Unfortunately, many Islamic states continue to be negligent in this regard as a consequence of which moral corruption and divorce rates have visibly increased. You must have heard the sad story of Andalusia or today's Spain and the colonial centers' greed and ravenousness to spread the West's sexual morality among Muslims. If the beautiful, attractive and flirting girls put their beauty on display and flaunt themselves in front of the pure but energetic and lustful youths, is preventing them from doing so considered to be an intrusion of their privacy? There is no doubt that interference on the part of a healthy Islamic authority as a bidder of good and forbidder of bad guarantees moral and spiritual well-being of society provided that it is devoid of any extremity or violence.

Thanks are due to Allah, the women in Iran and many other Islamic countries have been and are the real advocates of the Islamic modest dress, albeit with its various degrees. As you may have read the history, they resisted against Reza Khan and his son's policy to compel women to remove their veils. Even today, we witness beautiful scenes of Muslim women battling and defending their rights in non-Muslim and so-called democratic countries that are preventing, under lame excuses, the scarf-wearing women from entering scientific and academic centers.



[1] - Al-Noor, 31

[2]Note: in the occasion of revelation of this ayah, they have said that Arabs during that time wore head-garbs and covering, and they would throw the ends over their shoulders or on their backs, in such a way that the head-garb would be set behind their ears, and they would only cover their heads and the back of their necks. However, below the throat and some of the chest would be visible. Islam corrected this, and commanded them to use the ends of their head-garbs to cover their chest and collar area instead of just behind the ears or the back of the neck. The result was that just the roundness of the face would be visible and the rest of the body, covered.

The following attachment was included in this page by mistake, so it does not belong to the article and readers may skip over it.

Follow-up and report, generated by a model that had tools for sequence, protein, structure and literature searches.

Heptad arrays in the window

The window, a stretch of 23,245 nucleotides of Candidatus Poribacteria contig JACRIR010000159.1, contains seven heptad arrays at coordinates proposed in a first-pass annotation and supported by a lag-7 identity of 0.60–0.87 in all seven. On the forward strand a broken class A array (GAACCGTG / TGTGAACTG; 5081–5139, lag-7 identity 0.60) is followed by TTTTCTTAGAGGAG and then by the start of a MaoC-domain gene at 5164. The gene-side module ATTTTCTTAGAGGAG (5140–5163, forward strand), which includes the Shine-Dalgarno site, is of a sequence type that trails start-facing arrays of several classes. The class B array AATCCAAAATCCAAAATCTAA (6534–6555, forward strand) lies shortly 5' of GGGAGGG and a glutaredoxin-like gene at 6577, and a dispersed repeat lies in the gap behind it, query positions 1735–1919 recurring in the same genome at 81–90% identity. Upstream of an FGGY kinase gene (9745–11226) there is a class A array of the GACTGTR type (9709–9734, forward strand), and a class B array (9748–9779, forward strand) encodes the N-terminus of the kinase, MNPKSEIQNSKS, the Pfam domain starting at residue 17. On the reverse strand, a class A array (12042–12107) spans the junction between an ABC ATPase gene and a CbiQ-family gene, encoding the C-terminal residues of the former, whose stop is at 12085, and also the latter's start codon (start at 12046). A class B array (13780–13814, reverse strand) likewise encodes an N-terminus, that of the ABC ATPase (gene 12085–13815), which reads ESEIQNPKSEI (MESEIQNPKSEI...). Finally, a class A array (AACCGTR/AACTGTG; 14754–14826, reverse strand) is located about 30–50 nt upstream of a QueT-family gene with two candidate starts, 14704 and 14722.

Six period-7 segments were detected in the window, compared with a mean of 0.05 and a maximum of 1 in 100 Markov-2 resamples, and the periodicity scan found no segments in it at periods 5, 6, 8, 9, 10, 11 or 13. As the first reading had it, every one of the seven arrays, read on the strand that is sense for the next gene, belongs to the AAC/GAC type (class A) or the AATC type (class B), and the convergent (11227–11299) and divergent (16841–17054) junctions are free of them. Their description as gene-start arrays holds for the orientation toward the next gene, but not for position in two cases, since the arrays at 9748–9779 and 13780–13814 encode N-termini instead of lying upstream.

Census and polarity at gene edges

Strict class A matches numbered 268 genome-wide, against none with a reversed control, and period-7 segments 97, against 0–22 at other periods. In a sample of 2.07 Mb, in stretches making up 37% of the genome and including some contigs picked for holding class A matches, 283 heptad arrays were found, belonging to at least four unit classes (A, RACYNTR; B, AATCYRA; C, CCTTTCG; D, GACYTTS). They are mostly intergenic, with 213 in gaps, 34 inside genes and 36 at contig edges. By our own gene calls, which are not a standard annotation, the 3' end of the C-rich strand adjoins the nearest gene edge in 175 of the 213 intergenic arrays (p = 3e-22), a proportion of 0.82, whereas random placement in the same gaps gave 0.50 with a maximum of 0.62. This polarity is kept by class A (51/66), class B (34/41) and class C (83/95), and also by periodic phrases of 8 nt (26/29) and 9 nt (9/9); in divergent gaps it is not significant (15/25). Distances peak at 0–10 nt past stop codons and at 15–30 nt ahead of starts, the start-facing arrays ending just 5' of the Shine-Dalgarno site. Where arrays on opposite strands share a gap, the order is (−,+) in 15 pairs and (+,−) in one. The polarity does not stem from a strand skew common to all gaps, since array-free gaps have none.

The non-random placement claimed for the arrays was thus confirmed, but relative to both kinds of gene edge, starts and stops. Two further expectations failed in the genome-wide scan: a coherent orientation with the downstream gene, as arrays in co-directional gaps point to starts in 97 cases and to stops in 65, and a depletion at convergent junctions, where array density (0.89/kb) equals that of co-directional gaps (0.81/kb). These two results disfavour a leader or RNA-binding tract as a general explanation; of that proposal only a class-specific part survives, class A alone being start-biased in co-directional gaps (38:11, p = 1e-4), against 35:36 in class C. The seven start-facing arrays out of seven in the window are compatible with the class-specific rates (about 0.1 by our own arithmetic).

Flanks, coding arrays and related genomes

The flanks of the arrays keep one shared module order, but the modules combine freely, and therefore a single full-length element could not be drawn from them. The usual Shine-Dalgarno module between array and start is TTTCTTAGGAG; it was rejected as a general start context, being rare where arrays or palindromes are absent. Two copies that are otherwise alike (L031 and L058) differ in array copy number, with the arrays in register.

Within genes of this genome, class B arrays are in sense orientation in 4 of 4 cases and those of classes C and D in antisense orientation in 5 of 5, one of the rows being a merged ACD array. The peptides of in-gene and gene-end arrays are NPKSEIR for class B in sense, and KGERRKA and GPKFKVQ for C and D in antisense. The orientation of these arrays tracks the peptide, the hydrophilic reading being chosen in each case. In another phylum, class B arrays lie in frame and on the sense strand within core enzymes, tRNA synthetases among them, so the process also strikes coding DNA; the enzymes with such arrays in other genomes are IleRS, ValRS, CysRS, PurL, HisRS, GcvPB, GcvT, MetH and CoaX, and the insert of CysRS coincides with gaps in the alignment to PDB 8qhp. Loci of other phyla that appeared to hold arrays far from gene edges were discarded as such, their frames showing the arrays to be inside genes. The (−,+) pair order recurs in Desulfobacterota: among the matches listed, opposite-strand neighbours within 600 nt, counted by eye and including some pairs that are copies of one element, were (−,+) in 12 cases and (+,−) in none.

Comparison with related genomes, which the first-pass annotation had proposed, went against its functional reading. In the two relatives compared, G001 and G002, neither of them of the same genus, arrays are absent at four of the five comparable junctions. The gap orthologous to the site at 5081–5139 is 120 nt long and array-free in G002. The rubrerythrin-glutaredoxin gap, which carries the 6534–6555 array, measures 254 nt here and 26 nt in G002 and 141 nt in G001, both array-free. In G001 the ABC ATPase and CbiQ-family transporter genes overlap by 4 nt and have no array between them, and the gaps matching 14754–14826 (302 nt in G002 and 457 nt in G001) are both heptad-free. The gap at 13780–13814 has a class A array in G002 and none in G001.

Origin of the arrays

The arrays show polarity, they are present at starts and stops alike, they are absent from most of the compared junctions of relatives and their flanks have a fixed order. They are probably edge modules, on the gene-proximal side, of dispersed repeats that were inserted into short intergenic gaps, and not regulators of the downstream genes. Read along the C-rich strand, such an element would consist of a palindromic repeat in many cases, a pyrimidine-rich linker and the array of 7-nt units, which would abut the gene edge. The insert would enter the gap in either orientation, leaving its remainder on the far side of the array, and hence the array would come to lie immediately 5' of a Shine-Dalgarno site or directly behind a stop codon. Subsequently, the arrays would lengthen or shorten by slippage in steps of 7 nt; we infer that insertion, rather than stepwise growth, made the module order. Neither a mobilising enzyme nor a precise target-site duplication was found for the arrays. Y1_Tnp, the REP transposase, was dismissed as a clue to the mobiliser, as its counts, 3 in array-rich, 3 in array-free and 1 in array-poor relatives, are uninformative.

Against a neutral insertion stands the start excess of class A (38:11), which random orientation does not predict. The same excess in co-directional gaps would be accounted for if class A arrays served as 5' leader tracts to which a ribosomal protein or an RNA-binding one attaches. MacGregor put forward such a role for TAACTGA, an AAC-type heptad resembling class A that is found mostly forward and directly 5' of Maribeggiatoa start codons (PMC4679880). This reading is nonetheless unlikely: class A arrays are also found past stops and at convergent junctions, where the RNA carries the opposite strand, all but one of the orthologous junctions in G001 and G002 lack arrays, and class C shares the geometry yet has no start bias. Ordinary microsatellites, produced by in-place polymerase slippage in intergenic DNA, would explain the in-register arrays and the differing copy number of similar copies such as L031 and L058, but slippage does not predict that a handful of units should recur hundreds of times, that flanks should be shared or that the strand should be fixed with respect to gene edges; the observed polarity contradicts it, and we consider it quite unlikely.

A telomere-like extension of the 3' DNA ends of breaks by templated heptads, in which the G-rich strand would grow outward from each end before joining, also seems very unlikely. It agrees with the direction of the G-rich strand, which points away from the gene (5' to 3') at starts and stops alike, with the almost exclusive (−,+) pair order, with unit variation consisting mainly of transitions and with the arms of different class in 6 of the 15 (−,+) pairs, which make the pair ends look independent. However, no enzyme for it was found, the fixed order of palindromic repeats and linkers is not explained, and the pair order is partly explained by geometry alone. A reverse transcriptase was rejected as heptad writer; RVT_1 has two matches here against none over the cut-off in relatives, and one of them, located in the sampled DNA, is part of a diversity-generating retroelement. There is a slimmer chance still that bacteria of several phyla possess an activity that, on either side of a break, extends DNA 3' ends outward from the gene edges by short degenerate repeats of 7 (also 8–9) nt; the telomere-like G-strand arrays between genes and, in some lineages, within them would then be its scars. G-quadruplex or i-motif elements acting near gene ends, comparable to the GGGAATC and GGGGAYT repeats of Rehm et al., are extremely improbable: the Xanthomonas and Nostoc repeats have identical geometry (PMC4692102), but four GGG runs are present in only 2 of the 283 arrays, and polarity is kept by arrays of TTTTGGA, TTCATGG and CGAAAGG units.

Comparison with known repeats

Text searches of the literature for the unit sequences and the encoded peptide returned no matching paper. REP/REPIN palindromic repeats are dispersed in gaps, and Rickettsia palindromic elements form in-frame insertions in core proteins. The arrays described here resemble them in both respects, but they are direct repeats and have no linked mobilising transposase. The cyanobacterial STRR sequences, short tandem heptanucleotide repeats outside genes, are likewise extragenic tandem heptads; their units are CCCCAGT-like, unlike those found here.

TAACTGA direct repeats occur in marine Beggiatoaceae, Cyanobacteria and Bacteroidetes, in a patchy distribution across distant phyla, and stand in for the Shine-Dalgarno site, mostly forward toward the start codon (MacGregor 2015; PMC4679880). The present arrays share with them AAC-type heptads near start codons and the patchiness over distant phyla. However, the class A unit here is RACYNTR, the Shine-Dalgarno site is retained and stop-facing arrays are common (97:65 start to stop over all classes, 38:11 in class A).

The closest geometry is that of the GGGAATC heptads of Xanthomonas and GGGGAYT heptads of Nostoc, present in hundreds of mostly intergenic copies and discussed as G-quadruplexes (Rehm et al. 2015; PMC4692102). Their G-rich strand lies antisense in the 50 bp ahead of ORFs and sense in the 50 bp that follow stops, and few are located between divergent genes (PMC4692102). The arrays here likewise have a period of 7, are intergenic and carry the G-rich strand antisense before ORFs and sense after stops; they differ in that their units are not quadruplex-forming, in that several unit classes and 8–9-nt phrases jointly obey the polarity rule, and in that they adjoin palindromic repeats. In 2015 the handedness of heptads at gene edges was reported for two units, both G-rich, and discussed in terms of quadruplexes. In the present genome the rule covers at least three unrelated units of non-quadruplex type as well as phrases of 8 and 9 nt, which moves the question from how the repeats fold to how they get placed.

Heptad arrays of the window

[3] Nemuneh Commentary: Vol.14, Pg.450,451

[4] Using Hadith from Usul Kafi: Vol.5, Pg.521, Section "That of a Woman Which is Permissible to See"

[5] Wasa'ilu Shia Vol.20, Hadith No.25429, Pg.203, Section "That of a Woman Which is Permissible to Look at Without Lust"

[6] Replies to Religious Questions by Imam Khomeini (May Allah have mercy on his soul): Vol.3, Pg.256, Ques.33, 34; [6] Catechism of Imam Khomeini: Vol.2, Pg.929, Section "Women and the Revealing of Makeup".

[7] Hijab by Shahid Mutahari (May Allah have mercy on his soul):pages 164 - 235

[8] - Turkhan, Qasim, Hawzah Net, question No.02-5988.

[9] - Al-'Anawin al-Fiqhiyah, vol.2, pg. 627, Rule (4), Kullu ma lam yarid fihi haddun min al-Shar'a fil ma'asi, fa-fihi al-ta'zir.

[10] - Turkhan, Qasim, Hawzah Website, 02-5988